• Make a large margin on the product / service described by the keyword?

And finally, does the keyword in question make up a large proportion of the total search audience?

The beauty of running several tests on your keywords is that it if a keyword isn’t suitable from one point of view, it can be from another – but everything is done in a consistent manner so you don’t need to argue with your team or your client over which keywords you’re going to target; they just rise to the top of the list naturally.

Even better, the structure of the table doesn’t need to change if you believe the system isn’t working, you can simply change the scoring system.


  • Paste your long keyword list in alphabetical order. Always work with the list in alphabetical order until the final stage.
  • Create a column for each test to the right. The formulas which work out the score for each test should sit in these columns, referencing the data on other sheets. Explanations for how you can run the tests in the table follow.
  • Run as many of the tests below as possible. I’ve tried to be exhaustive, but it isn’t hard to extrapolate this methodology to create test for keywords metrics not covered here.

Ranking and Opportunity Based on Ranking

Setup: In a seperate tab paste your alphabetical keyword list in Column A, and the corresponding rank in Column B. If it’s not ranking, make sure the rank = 0.

If you’re ranking for a term, that’s a good thing! It means your site has a page that’s relevant for the term – so you don’t need to spend time creating something from scratch, and you may well be able to improve ranking through some simple optimization.

In this test we reward terms that rank. This is done through a simple if statement. If ranking > 0, score 1, if not, score 0.

We also run another test on this data – how much of an opportunity is there to get major traffic? We know traffic from a keyword increases exponentially as ranking approaches the top positions above the fold – spots 1, 2 and 3.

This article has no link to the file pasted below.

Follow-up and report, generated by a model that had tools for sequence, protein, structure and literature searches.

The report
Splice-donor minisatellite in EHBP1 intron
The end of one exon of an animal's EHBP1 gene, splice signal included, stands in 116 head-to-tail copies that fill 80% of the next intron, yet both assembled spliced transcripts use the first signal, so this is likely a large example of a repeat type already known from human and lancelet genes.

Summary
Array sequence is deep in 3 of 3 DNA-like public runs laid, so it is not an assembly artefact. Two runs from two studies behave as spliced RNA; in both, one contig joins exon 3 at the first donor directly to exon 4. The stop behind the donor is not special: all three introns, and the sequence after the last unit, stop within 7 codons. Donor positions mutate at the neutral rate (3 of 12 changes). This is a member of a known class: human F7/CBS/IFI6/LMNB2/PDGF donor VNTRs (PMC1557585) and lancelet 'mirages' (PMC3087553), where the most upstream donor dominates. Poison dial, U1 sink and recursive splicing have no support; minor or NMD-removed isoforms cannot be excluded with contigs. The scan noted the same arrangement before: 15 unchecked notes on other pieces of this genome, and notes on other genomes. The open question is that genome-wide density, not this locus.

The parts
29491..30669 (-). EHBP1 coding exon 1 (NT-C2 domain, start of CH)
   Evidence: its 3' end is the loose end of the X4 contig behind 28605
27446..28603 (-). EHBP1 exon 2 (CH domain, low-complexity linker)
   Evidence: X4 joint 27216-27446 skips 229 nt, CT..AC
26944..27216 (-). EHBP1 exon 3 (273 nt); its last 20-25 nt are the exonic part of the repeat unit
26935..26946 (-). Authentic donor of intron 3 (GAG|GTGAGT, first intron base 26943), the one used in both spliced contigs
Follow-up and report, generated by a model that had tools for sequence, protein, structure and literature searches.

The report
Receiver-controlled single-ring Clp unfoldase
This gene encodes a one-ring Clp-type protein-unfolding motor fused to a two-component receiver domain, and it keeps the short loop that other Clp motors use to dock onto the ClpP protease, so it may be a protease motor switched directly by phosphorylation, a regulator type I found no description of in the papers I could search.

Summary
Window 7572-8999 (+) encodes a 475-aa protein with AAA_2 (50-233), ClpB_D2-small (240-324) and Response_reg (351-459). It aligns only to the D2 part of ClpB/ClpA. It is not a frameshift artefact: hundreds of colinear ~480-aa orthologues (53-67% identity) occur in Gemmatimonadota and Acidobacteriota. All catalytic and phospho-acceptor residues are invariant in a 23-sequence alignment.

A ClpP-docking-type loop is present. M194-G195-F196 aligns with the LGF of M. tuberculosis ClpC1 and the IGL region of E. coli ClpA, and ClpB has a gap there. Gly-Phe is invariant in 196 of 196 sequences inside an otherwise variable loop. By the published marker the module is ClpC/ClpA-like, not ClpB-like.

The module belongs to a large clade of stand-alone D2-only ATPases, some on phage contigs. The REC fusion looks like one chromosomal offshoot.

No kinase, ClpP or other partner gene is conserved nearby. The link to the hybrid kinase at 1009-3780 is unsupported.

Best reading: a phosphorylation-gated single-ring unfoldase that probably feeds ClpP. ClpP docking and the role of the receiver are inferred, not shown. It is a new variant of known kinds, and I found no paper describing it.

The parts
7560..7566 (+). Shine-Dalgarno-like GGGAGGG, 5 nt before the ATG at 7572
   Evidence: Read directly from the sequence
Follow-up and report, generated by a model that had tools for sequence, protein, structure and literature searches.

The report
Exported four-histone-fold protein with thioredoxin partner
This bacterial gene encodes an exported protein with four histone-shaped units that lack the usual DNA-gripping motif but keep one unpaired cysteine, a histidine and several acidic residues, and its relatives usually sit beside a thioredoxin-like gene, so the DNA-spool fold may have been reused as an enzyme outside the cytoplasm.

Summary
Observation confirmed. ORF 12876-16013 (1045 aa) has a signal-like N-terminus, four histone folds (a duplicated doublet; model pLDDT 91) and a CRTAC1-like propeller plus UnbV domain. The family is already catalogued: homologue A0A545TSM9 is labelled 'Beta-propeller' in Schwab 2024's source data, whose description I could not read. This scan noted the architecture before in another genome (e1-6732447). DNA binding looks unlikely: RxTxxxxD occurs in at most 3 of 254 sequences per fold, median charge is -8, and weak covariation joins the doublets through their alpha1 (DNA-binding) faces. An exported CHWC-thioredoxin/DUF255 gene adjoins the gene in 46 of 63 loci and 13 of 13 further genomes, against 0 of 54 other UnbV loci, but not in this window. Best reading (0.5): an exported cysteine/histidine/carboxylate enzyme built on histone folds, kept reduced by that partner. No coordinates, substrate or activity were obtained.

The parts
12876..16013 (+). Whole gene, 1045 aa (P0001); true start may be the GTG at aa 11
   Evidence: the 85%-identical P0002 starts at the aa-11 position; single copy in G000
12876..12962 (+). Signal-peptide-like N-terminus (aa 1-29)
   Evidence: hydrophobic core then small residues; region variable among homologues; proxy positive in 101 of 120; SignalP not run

Therefore, we should prioritize keywords ranking just outside these spots; a small ranking improvement here could generate a big traffic increase. Using nested if statements, you can score keywords; 5 points for ranking 4 – 10, 4 for 11 – 15, 3 for 16 – 20, 2 for 21-30 and 1 for beyond position 30. All other positions get 0 points – including those in positions 1 – 3, as we feel there isn’t a huge opportunity to move the needle on these terms; either it’s too competitive to change rank or there are bigger gains to be made from getting above the fold for other terms.

Competitor Ranking

Setup: exactly the same as for your own ranking data above.

In this scenario, we look at the competitor’s ranking and apply a negative score if a competitor is present on the first page of results. This is because we consider a keyword more of an opportunity if a direct competitor doesn’t rank on the first page. We usually choose the most visible site in the client’s sector as the competitor, so you know that in general you’re going to have more of a struggle on your hands if they’re on the first page.

In this scenario, if competitor rank > 0, we score the keyword -1, if not we score it 0.

Existing Anchor Text

Setup: paste a list of all the anchor text phrases used in external links to your site into a column in a separate sheet.

If someone is already linking to you using the exact same anchor text as the keyword you’re assessing, that’s a great signal that your site is relevant for that term, and that as a result it will be relatively easy to get more links with that keyword as the anchor text. Use a match formula to check if the keyword you’re assessing is an existing anchor text phrase. If it is, award 3 points, if not, the keyword gets 0 points.